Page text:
I think this works well--but it took about 10 months to birth--adds may be small things but they have great impact. I think sometimes gestation time is rushed --with poor results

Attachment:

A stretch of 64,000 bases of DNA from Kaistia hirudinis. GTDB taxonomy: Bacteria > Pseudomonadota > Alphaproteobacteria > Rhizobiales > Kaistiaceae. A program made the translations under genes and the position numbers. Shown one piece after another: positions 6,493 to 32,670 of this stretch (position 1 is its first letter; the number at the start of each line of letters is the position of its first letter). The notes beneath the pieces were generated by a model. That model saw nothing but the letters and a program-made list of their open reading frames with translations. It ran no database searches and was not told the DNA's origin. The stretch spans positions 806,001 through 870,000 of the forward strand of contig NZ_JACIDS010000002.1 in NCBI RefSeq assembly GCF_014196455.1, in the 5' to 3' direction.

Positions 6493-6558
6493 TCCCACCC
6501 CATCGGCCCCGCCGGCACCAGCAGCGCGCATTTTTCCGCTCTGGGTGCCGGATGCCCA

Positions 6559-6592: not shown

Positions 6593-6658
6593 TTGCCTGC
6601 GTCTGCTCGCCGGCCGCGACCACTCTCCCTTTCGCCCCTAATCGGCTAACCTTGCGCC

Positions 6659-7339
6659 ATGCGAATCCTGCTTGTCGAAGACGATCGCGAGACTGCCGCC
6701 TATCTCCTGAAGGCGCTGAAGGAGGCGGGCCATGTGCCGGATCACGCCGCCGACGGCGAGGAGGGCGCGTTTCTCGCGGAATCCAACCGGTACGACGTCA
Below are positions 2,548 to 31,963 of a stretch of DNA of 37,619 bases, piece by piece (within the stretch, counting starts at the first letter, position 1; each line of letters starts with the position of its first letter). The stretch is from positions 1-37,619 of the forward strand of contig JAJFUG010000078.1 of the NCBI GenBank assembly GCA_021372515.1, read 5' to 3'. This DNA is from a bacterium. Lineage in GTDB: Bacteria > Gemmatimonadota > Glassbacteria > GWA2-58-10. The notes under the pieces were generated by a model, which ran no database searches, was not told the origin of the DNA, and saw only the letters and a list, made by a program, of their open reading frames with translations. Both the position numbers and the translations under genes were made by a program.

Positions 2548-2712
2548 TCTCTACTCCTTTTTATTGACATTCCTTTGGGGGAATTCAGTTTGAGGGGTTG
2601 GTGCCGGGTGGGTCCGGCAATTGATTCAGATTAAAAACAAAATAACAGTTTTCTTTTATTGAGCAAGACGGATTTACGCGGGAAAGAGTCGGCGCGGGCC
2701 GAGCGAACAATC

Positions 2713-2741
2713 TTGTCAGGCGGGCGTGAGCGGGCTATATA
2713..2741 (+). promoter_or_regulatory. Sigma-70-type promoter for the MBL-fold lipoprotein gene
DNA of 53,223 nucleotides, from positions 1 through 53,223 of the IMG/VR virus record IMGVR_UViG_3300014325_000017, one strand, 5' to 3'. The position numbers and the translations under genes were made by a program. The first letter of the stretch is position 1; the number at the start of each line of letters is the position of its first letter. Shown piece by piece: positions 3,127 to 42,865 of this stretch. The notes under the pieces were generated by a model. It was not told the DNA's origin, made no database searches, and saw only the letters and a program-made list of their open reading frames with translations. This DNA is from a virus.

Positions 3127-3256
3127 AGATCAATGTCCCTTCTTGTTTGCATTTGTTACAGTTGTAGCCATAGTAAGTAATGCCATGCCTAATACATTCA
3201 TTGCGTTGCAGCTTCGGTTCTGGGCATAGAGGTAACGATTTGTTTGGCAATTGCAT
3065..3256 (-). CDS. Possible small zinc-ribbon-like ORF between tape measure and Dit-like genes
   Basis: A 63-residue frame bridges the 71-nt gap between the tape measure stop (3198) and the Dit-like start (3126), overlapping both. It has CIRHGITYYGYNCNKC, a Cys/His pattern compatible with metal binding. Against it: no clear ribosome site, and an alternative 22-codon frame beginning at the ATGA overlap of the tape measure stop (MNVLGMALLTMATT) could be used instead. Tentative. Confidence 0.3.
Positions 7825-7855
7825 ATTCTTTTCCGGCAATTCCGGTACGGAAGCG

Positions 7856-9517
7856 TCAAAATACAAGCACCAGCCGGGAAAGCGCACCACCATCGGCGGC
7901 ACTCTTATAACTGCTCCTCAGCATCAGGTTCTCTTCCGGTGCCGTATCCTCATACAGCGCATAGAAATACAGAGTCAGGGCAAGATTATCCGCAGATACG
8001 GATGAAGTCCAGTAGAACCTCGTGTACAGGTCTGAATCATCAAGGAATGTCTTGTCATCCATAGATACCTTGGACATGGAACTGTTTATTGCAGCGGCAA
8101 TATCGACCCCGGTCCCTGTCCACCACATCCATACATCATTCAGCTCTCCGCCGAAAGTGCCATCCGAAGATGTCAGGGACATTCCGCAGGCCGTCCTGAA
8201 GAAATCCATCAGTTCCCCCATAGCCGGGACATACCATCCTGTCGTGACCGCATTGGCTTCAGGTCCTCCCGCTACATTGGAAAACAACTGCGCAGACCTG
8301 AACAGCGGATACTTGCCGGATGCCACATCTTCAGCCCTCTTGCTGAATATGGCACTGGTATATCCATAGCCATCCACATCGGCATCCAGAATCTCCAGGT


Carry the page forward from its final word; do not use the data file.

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  37. While I certainly agree with you in principle, this campaign reflects an increasingly alarming state of affairs in the Episcopal Church. All this talk about turning off newcomers, for instance - what newcomers? A representative of the old guard in my church summed it up a couple years ago when we were debating, for some reason, whether or not to erect a larger sign to replace the long-standing one inconspicuously posted on the wrought iron fence surrounding our beautiful edifice: "We have enough people”, he said. He was dead serious. The current movers and shakers (at least in my 14 year experience in the church, including 11 years in youth ministry) actually want shorter sermons in the summer. I was even present a few years ago when an interim Rector my church said during a meeting about declining Sunday School attendance, “I applaud their passivity”. He actually believed that today’s busy-ness and overscheduling is just the way it is, and seemed to understand if not endorse their embracing of weekend down time, even if it meant neglecting their church community. When church leadership takes such a stance, well, need I say more? Probably not, but I will anyway. Now I do agree with the notion of greater efforts to reach out to the C&E attendees, but ironically I believe that it is in part our quest to “change the world” that keeps some of them coming only twice a year. There are desperate, hurting people in our congregations every Sunday, going through divorces, suffering with troubled teens, and like everyone else, generally searching for some meaning in their fast-paced lives and we are overlooking most of that to water Malawi or organize yet another mission trip to Belize, which, truth be known, is often more about relieving our own consciences and dealing with our own “white guilt” than it is about any of the people targeted. I once did a bit of research to confirm my suspicions about this strange and heretical phenomenon – I checked each of the over 400 FB friends of a young woman who professed a calling to work with the poor of Africa, and found that she had fewer than 10 African-American friends that I could clearly determine. (Despite our claims to be so down with the folks in the hood, TEP remains about 2 percent black). I am constantly baffled at people who feel God’s call to Somalia yet other than the UPS delivery person or the mailman, haven’t had someone of a different race in their homes for years, if at all. That’s right, I said it. You can’t expect to change the world despite your snappy bumper stickers that say so, with an ill-equipped, socially distracted, biblically ignorant group of folks who are themselves hurting too much to be of much good to anyone else. Until the clergy of TEP decides to take a stand of some sort and week after week preach solid messages with attainable, sustainable goals that focus first on the people they’re eyeballing and then on people in a country whose name you can’t pronounce and offending people be damned, we are going to remain an ineffective force of marginal Christians who simply don’t get it, and yet are strangely proud of that fact. The Via Media has become the Via Mediocre quickly on its way to the Via Whatever. I am, if you haven’t noticed by now, on the verge of walking out the door for good in search of a community a bit more in touch with theological reality and operating with a stronger sense of urgency, and who, while maintaining an intellectual approach to spiritual matters (perhaps our greatest strength), is able to balance that with an understanding that a relationship with the Creator is more important than soccer and tennis. But honestly, I am beginning to doubt that I will ever find such in this materialistic, self-centered culture I am sadly a part of. Perhaps Richard Rohr said it best: Western society is on a collision course with the Gospel. How many of us though, really, truly, believe that?